Sports News Without Fear, Favor or Compromise
Sports News Without Fear, Favor or Compromise

The Kings Will Beat You At Their Game, Or Yours

Illustration for article titled The Kings Will Beat You At Their Game, Or Yours

A game can be a classic without being particularly good hockey. We haven't had a conference final Game 7 go to OT in 20 years, so Kings-Blackhawks qualifies as an all-timer just on sheer novelty, but it was ugly at times. Bad goaltending, lax backchecking, freak bounces on questionable ice, and goals upon goals. Take away the jerseys and the fans and the import, and it could've been some meaningless late-season Isles-Panthers shootout. It was, for L.A., not the sort of game you expect to see from the overwhelming Cup favorites. It's also the sort of game that shows why they're favored.

That game, this series in which Los Angeles outscored Chicago 28-23, isn't how the Kings are built to win. They are defensively dominant, or at least they were in the regular season, allowing a league-low 2.05 goals per game. Things started to shift toward offense—and toward higher-scoring games in general—after the Olympic break, but this is a team that's supposed to strangle you, not throw haymakers.

The Blackhawks, one of the fastest and highest-scoring teams in the league, drew the Kings into their sort of series, a wide-open track meet. And they simply got outrun. On paper, the more goals scored in this series, the more it titled toward the Blackhawks. On the ice? L.A. just might be the NHL's best at any pace. Chicago was able to play its own game, and the Kings were still better at it.


Los Angeles, masters of grabbing a lead and nursing it through the next two-plus periods, was able to do that just once against the Blackhawks. Instead, the Kings' more telling and more effective accomplishment was to overcome nine different leads over the course of the series, four of them two-goal leads. (That includes Games 2 and 7, won by L.A. after being down 0-2.) "We never thought we weren't going to do it," Drew Doughty said of the various deficits.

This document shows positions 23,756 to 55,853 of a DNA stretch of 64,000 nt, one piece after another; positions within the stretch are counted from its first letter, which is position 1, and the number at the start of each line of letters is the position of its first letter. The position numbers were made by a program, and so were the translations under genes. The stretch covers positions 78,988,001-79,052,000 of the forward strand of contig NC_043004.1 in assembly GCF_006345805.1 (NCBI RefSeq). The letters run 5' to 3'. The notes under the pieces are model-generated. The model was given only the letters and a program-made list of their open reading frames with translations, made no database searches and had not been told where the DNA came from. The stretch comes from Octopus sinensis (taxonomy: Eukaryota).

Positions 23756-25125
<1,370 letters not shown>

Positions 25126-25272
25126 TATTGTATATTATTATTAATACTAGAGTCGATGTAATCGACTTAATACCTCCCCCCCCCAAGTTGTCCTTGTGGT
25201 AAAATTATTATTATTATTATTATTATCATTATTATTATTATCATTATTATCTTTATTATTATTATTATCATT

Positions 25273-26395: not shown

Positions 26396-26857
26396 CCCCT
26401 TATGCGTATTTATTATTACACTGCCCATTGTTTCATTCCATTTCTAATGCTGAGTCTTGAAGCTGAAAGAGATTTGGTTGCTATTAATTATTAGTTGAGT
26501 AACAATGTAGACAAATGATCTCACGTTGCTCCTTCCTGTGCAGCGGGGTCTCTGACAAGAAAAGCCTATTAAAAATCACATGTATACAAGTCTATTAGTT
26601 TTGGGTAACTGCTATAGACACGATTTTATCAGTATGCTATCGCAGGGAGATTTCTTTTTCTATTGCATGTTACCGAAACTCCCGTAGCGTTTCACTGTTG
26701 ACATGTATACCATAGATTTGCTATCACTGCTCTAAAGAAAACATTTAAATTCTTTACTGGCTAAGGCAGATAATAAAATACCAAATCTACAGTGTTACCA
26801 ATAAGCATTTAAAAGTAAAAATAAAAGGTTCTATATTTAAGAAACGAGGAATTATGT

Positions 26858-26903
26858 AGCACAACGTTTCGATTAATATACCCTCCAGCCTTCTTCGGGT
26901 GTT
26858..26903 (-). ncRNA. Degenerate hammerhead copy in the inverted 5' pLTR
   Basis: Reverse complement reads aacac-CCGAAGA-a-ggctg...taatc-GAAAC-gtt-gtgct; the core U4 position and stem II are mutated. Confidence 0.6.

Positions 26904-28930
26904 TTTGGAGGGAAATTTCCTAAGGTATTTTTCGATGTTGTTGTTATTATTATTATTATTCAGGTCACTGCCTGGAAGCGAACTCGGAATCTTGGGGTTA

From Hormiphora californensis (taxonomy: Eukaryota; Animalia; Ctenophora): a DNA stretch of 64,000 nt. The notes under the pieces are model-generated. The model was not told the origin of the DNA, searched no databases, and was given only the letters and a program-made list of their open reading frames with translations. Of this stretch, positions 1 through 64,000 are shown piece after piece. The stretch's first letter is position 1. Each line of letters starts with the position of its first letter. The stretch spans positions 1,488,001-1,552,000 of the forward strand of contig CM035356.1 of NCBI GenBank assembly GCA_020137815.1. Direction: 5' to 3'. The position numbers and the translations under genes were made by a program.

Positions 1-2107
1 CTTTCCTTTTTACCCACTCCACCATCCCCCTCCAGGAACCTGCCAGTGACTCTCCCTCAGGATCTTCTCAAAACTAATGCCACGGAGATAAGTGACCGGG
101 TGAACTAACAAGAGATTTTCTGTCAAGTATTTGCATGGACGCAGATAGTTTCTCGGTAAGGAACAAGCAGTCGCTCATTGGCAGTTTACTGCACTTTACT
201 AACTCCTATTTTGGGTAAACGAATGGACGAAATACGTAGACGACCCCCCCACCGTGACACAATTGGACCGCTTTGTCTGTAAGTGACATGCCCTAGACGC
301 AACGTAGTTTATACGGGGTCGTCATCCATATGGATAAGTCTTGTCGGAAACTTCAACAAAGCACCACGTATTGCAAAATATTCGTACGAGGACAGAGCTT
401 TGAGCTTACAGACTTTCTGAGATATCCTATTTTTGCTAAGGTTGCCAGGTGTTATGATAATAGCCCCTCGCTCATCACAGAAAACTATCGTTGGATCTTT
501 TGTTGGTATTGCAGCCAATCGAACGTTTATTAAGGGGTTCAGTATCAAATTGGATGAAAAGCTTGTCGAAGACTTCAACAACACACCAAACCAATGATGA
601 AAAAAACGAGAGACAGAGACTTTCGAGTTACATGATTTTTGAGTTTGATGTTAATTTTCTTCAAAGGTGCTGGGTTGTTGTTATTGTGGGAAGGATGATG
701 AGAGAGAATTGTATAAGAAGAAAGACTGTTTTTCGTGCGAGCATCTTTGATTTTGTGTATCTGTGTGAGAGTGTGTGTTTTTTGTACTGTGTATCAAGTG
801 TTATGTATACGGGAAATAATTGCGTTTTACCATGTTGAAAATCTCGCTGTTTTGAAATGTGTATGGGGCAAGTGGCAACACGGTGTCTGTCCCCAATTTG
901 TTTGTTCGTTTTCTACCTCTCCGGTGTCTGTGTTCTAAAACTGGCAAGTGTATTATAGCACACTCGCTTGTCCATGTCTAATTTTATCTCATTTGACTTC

The Kings, turning it on in these playoffs, are roughly averaging 4-3 wins instead of the 3-2 victories of the regular season. Those are entirely different types of games, and it starts with depth. Rolling four lines keeps legs fresh, and rolling four lines that can all score keeps opposing goalies shook. The OT winner came off a pure hustle play, L.A.'s third line outworking their men behind the goal before getting it to Alec Martinez, recently working on the third pairing. No wasted shifts.

"You need everybody when you get to Game 7," Darryl Sutter said. "You're not into the individual part of it. There's always guys that score big goals, make big plays. But you need everybody in your lineup."

The Rangers should be terrified. Their best hope of beating the Kings looks an awful lot like the Blackhawks' plan—outskate L.A. and exploit a suddenly human Jonathan Quick. But New York isn't designed for high-scoring slugfests, so the Rangers will have to pick their poison: Either get out of their comfort zone, or allow the Kings to stay in theirs. Neither seems particularly pleasant.

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